Retinol Vs Retinoic Acid: What's The Difference?

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These days, it seems like almost everyone incorporates retinoids and retinol into their skincare routines. It's easy to see why – retinoids can promote clearer, softer skin, improve cell turnover, and reduce the appearance of pores and fine lines (via Healthline). However, the difference between retinol and retinoids may not be fully understood, even if you diligently apply a pea-sized dab of tretinoin nightly. Adding terms like retinoic acid only makes things more confusing.

First, it's important to acknowledge the difference between retinoids and retinol. "The term 'retinoid' is an umbrella term used for both synthetic and natural derivatives of retinol," dermatologist Dr. Kellie Reed told Forbes. All retinol products are considered retinoids, but over-the-counter products that contain retinol work differently than prescription-strength retinoids like Retin-A. In contrast, retinoic acid is the active form of retinoid that the body can use immediately. So, how does this cause retinoic acid to differ from retinol?

The relationship between retinol and retinoic acid

Okay, we know that all retinol is retinoid, but what's the deal with retinoic acid? As already mentioned, retinoic acid is the active variety of retinoids. In fact, another name for tretinoin is retinoic acid. Retinoic acid is easily absorbed and utilized by your skin, which is why ailments like skin purging and flakiness can be so pronounced when using prescription-strength retinoids. They're essentially pure, bioavailable retinoic acid, and you only need a small amount of product to see results rather quickly. In fact, according to research published in the International Journal of Women's Dermatology, study participants who used tretinoin reported reduced signs of wrinkling and hyperpigmentation in as little as one month.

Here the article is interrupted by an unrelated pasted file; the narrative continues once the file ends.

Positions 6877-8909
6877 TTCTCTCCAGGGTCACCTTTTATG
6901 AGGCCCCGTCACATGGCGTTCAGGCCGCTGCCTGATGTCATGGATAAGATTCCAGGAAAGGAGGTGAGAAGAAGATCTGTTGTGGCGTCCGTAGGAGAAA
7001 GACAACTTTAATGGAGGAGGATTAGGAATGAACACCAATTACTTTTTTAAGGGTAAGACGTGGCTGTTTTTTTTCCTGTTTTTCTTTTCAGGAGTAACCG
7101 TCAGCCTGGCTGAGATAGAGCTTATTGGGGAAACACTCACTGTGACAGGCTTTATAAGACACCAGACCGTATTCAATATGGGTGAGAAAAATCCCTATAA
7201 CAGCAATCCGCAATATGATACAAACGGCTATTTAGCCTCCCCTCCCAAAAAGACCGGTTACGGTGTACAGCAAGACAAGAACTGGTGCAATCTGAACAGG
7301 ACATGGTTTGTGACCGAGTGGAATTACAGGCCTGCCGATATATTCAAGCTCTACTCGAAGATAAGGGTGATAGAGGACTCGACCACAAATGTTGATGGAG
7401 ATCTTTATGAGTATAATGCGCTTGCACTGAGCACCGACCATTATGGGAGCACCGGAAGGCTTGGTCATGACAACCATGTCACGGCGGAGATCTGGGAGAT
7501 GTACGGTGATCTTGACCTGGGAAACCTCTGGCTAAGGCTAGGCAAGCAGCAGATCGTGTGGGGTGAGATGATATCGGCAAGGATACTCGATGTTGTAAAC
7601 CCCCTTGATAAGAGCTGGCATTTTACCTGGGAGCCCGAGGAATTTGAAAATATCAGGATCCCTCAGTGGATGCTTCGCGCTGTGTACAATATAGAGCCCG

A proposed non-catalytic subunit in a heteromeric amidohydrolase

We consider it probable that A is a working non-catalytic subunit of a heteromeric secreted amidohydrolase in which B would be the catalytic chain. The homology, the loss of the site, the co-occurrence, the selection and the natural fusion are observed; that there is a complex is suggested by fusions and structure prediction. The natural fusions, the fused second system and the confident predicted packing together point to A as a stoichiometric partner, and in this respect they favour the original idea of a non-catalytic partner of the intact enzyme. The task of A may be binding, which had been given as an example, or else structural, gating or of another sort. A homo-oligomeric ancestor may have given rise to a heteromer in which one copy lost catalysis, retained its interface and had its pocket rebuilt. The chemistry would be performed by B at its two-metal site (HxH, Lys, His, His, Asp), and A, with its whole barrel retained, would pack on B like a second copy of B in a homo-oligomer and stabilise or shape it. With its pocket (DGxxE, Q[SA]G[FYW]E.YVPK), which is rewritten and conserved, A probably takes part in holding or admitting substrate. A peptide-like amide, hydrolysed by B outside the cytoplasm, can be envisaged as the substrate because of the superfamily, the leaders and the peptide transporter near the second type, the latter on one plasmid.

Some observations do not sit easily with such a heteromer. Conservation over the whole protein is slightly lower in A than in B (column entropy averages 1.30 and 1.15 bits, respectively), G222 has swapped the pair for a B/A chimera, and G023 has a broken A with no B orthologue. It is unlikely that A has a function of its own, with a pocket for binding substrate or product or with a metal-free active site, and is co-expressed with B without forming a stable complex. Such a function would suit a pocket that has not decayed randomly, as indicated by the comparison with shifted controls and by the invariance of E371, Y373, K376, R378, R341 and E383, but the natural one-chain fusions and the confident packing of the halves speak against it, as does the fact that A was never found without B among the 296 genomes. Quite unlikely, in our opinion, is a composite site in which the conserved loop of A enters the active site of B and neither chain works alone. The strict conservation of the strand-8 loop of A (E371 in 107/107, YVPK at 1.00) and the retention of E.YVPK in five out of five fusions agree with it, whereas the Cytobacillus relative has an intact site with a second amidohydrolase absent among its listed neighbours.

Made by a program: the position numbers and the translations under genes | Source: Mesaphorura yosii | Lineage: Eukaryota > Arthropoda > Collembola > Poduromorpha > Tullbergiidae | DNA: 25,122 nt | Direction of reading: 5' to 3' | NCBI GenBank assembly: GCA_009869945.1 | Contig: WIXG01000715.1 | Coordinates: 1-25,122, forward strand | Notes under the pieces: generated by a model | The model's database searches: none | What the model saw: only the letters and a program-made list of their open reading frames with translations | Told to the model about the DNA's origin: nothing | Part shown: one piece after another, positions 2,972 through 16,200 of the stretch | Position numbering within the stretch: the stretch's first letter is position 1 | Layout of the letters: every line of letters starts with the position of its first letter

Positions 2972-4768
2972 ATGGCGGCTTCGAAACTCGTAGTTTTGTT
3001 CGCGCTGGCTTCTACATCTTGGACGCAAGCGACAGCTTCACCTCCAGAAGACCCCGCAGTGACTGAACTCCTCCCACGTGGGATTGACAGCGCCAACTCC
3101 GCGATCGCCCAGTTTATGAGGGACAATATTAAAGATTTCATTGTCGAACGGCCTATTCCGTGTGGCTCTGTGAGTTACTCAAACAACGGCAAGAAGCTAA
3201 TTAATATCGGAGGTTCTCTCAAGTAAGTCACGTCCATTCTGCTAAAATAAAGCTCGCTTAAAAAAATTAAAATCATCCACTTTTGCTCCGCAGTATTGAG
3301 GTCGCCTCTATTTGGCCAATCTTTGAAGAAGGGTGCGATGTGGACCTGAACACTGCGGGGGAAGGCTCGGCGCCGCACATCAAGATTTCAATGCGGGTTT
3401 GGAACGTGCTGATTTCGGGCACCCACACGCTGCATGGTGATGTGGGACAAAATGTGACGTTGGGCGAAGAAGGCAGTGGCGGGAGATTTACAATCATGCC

Over-the-counter retinol, like a drugstore night cream, contains small amounts of retinoic acid but operates a little differently. "The enzymes in our skin have to convert retinol twice (first to retinal, then retinoic acid) before it can be digested by the body (and skin)," dermatologist Dr. Geeta Yadav explained to Real Simple. Thus, it may take a while for first-time retinol users to see results compared to those using prescription-strength retinoids. However, taking it slow and steady isn't necessarily bad, especially if you have sensitive or reactive skin. By using products with retinol, you can ease sensitive skin into retinization, the process of acclimating your complexion to retinol or retinoids.

Should you use retinol or retinoids?

Naturally, you may be wondering whether to use retinol or retinoids in your skincare routine. If you've never used retinoids, you might be better off starting with retinol to see how your skin responds. "If you have sensitive or dry skin, I recommend starting with over-the-counter retinol or retinal. The more potent, the more potential for redness, irritation, and dryness," dermatologist Dr. Charlotte Birnbaum told Glamour. Furthermore, avoiding mixing other actives with retinol, such as benzoyl peroxide or chemical exfoliants, is crucial to prevent irritation. Try starting with a gentle retinol product with built-in moisturizers, such as Kiehl's Micro-Dose Anti-Aging Retinol Serum, if you have sensitive skin.

If you're a seasoned retinol user, you may want to consider incorporating prescription retinoids with the more active retinoic acid. You'll need to consult with a dermatologist or physician to obtain a prescription for a topical retinoid, though you can also use online telemedicine services such as Prescription retinoids are available in varying strengths and go by names such as tretinoin, Retin-A, or Atralin. Your doctor can advise you on which formula is best for you. It's also worth noting that even if you have thicker skin, you shouldn't mix multiple types of retinoids or use too many actives at once while getting acclimated to retinoids. A damaged skin barrier from retinol overuse or misuse can result in redness, sensitivity, and irritation. Fortunately, you can reverse these aggravations by scaling back on your retinoid routine and using gentler skincare.